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The Pantry

She kept a simple box at the bottom of a large chest, at the foot of her bed, where she stored her linens and spare blankets. In the evenings she opened the chest and pushed aside the unused bedspreads, the heavy cloth exhaling stale lavender. She took out the box and opened it with care. This was where she stored her stomach. Since she was small it had been too much a burden for her tiny body to carry. She had always, as long as she could remember, kept her stomach in a box, though the box itself had changed. At first, a pencil case a friend lent her that she never returned, then a jewellery box covered in plastic gems, and this one: simple, brush painted wood that she found one warm afternoon at a sidewalk sale, remarkable only in that it was so much larger than the others.

With practiced movements, she unhinged her jaw to swallow her stomach, like a snake not eating, but inviting another animal to live inside it. Her midsection’s empty cavity slowly swelled into a tiny bump that made the rest of her, the narrow inches between her shoulder blades, the small circumferences of her arms and wrists, legs and ankles, seem spare and unloved. She sat at the table and ate all the spaghetti that had been in her cupboard, prepared in thick Bolognese. She washed it down with icebergs of vanilla ice cream floating in Coca-Cola and when she was done she leaned back and patted the swell of her stomach, measuring her new roundness. She closed her eyes and felt all the good things in the food seeping into her veins, enlivening her blood.

Before too long, before the salt and fat insinuated into her body, she returned to the box where she stored her stomach. She opened her mouth and removed and ravelled and stored it again, until breakfast. Lying in bed, staring at the TV casting blue shadows across the room, she caressed the sunken skin of her midsection, the emptiness so large it made her lonely. She closed her eyes, the TV humming at low volume, and wondered why she had been born with so small and narrow a body that she must keep herself in two places at once, that she couldn’t keep all of herself inside her.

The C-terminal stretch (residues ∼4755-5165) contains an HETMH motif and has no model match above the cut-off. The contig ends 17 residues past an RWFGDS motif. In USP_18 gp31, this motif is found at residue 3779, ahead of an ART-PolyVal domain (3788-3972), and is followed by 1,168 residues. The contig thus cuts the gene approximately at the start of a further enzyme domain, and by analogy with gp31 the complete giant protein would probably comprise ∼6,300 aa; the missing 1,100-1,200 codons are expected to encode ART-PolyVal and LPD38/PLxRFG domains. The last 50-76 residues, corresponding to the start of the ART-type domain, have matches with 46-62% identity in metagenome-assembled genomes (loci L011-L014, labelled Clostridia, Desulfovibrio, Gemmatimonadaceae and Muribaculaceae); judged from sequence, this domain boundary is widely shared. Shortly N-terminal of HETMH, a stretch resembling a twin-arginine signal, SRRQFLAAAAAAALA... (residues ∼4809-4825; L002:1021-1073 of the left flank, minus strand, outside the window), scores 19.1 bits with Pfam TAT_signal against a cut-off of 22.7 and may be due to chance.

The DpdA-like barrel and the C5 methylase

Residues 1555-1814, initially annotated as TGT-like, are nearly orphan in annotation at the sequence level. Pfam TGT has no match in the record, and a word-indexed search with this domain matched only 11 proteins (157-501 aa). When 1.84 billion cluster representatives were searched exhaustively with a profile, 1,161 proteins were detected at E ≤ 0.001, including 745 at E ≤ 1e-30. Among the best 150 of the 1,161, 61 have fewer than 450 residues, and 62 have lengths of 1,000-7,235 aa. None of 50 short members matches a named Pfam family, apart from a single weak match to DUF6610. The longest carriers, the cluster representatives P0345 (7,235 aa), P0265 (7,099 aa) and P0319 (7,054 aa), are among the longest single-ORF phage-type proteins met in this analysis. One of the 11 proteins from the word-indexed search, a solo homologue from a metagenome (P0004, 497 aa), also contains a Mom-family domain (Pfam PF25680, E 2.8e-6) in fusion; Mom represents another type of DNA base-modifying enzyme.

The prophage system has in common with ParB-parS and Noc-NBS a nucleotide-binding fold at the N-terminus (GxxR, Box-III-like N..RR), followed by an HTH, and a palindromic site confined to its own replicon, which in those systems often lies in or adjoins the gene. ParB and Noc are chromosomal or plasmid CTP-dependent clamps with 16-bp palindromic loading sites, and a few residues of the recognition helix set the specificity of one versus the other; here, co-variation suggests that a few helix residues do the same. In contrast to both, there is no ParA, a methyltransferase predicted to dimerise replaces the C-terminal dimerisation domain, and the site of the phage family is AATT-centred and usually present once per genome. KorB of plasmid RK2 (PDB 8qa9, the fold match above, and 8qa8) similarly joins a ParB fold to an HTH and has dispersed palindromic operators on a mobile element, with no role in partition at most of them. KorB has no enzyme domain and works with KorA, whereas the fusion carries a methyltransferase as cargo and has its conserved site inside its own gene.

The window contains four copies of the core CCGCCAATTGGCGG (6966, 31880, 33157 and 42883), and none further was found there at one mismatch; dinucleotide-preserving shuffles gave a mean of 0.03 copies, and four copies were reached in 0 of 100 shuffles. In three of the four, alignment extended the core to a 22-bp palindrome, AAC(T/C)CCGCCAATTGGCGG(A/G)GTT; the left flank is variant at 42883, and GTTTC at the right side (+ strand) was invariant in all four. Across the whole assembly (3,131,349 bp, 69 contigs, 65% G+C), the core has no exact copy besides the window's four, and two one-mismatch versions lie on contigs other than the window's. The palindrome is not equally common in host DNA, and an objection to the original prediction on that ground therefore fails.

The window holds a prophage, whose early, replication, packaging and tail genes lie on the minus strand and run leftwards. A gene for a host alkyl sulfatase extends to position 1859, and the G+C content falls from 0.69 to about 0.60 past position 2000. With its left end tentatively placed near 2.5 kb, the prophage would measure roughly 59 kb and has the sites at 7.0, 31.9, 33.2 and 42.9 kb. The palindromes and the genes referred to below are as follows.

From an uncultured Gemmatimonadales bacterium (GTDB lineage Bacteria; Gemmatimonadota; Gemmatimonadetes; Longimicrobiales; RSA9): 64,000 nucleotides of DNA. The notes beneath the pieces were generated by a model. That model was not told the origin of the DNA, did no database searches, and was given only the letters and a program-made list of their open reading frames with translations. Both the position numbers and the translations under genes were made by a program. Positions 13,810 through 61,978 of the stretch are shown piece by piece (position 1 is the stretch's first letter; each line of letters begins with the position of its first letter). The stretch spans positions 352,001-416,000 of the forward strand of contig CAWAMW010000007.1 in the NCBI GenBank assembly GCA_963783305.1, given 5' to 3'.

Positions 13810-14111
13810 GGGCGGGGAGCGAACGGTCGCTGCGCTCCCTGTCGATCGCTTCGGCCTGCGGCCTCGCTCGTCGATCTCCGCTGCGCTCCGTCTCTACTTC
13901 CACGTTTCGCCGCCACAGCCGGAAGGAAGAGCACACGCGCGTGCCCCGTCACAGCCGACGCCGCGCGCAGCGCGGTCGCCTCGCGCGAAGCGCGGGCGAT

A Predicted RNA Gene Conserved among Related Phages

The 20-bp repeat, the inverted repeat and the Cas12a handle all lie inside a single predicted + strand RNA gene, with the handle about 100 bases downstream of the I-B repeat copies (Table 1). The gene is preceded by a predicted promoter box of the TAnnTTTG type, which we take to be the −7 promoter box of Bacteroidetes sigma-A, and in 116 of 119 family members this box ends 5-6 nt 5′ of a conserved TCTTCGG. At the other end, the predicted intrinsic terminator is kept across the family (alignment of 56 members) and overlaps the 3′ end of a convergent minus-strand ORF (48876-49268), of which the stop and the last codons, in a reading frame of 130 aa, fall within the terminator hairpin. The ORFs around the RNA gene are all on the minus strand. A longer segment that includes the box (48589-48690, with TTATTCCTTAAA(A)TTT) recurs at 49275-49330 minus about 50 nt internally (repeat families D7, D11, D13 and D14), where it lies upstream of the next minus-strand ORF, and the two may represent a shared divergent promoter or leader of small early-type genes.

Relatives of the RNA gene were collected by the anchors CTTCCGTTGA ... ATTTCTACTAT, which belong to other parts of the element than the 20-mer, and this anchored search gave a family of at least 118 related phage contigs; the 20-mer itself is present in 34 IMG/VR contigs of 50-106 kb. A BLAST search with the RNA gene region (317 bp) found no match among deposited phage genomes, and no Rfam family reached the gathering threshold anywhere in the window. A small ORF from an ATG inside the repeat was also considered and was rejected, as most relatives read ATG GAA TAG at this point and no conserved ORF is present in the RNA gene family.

When she slept, she dreamed of the spaghetti Bolognese and coke float digesting to nothing in her stomach, at the end of the bed. In her dreams she ate them again and looked forward to the next morning, the waffles drowned in syrup and butter and strawberries.

Joaquin Lowe was born in Mill Valley, California. He received his MFA in Writing at The School of the Art Institute of Chicago. He has always wanted to be a writer, except when he wanted to be the starting second baseman for the Giants, and before that when he wanted to be the fifth Ninja Turtle…the Ravi Shankar of sewer dwelling mutant reptiles. 

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Posted in Flash Fridays

Comments: 4

(4) Comments

  1. Anonymous says:

    This reads like a potent fairy tale. I wonder if she will ever find her body strong enough to support her stomach.

  2. Mr lurker says:

    Nice dude…..yum yum….don’t leave us hanging, lets see next chapter. Time for breakfast.

  3. Joe Elenbaas says:

    Hello Joaquin,

    I read with interest your short story! The images are captivating and the beginning, when you tell me as a reader that it is your stomach in the box, I immediately wanted to read on. As a myth student and one who appreciates symbolism and archetypal nuances, I am still ruminating on what (in your mind) is the significance of the stomach as being separate from you; sort of disembodied, yet you are acutely aware of its constant need and presence. I sometimes live from the “gut” so to speak and for me this is about what I ingest for my personal/spiritual/psychic nourishment. “The emptiness so large it made her lonely.” Hmm. Much here to ponder. Without reading more I can only surmise that this is most readily an existential “ache” of sorts, at least in my way of thinking. Good work, potent images and smooth writing. Best to you!
    Joe

  4. Anonymous says:

    Icebergs of ice cream, love!

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